Miso-glazed salmon promises firm, flavorful fish with a glazed, lacquer-like exterior but takes 3 days to prepare. We wanted to make a dish that pulled back on the traditional approach (and shortened the process) but still achieved the depth of sweet-savory flavor that this dish is known for. And instead of a firm, chewy interior, we wanted fish that was silky and moist, contrasting with the texture of the crust. By reducing the marinade time to between 6 and 24 hours, we found a window that allows you to achieve such a goal. A marinade composed of miso, sugar, mirin, and sake allows for flavor penetration, moisture retention, and better browning by drying the fish’s surface. Broiling the fish at a distance from the heating element allows for the fish to caramelize and cook evenly at the same time.
Note that the fish needs to marinate for at least 6 or up to 24 hours before cooking. Use center-cut salmon fillets of similar thickness. We find that the best way to ensure uniformity is to buy a large center-cut fillet (1 1/2 to 2 pounds if serving 4) and cut it into 4 equal pieces.Yellow, red, or brown miso paste can be used instead of white.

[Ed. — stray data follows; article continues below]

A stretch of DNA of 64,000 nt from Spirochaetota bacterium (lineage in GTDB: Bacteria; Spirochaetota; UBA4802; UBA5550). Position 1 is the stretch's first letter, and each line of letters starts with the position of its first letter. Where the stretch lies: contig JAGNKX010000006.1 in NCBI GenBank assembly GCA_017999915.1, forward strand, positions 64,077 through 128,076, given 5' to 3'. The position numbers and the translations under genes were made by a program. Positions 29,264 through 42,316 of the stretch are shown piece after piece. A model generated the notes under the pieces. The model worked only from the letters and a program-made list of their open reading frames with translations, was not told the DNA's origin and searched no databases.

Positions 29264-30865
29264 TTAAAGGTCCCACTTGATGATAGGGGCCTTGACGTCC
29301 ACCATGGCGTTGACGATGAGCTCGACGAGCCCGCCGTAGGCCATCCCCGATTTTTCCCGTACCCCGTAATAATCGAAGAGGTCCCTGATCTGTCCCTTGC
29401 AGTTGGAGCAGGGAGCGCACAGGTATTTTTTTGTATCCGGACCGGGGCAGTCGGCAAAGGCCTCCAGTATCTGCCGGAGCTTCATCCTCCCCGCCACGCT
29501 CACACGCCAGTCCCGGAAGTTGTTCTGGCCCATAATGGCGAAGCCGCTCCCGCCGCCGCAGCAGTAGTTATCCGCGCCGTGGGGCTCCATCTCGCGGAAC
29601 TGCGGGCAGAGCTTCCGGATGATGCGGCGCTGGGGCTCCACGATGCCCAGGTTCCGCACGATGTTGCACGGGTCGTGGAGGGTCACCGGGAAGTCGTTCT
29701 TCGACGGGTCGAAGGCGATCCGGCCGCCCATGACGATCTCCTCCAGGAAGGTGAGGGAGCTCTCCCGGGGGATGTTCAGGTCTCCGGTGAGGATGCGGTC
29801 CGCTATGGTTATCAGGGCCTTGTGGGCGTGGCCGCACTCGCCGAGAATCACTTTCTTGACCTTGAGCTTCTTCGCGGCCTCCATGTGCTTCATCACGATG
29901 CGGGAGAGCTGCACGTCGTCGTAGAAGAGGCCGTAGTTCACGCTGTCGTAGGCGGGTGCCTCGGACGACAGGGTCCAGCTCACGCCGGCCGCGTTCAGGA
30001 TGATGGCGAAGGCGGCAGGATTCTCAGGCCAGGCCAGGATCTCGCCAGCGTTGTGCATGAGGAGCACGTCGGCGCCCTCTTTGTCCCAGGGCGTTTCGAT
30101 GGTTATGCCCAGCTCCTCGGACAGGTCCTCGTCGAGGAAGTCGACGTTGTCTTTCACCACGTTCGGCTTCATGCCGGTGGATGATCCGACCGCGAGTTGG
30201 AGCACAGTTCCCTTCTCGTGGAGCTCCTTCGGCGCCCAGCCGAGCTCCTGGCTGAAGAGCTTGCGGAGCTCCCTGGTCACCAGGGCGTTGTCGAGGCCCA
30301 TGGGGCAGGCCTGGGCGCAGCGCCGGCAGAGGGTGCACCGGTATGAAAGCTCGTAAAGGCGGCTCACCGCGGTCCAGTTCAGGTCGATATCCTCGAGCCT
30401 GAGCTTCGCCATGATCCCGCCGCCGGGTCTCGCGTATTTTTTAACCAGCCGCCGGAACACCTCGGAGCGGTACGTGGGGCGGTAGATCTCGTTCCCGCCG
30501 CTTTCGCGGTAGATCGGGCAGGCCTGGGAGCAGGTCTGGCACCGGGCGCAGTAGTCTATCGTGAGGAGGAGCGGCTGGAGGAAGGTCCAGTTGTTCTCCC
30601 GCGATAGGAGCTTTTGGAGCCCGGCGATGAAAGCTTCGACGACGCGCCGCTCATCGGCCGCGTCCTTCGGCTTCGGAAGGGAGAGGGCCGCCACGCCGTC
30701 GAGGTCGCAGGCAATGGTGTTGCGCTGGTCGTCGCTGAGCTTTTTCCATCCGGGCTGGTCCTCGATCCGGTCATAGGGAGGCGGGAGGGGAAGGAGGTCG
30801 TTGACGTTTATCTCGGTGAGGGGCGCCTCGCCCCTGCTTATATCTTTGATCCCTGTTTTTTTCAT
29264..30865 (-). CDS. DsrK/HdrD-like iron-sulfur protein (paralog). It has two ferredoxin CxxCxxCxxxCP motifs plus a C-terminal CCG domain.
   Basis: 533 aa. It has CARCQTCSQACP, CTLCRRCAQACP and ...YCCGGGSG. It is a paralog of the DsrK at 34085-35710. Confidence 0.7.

1. Whisk miso, sugar, sake, and mirin together in medium bowl until sugar and miso are dissolved (mixture will be thick). Dip each fillet into miso mixture to evenly coat all flesh sides. Place fish skin side down in baking dish and pour any remaining miso mixture over fillets. Cover with plastic wrap and refrigerate for at least 6 hours or up to 24 hours.
2. Adjust oven rack 8 inches from broiler element and heat broiler. Place wire rack in rimmed baking sheet and cover with aluminum foil. Using your fingers, scrape miso mixture from fillets (do not rinse) and place fish skin side down on foil, leaving 1 inch between fillets.
3. Broil salmon until deeply browned and centers of fillets register 125 degrees, 8 to 12 minutes, rotating sheet halfway through cooking and shielding edges of fillets with foil if necessary. Transfer to platter and serve with lemon wedges.
Why Marinate with Miso?
A miso marinade works much like a typical curing technique. The miso (a paste made by fermenting soybeans and sometimes other grains with salt and a grain- or bean-based starter called koji), sugar, and alcohol all work to season and pull moisture out of the flesh, resulting in a firmer, denser texture. Miso also adds flavor benefits: sweetness, acidity, and water-soluble compounds such as glutamic acid that, over time, penetrate the proteins and lend them deeply complex flavor.
America's Test Kitchen Video:
How Wild Salmon Differs from Farmed Salmon and How to Cook Salmon to the Right Temperature
2017, America's Test Kitchen. Reprinted with Permission.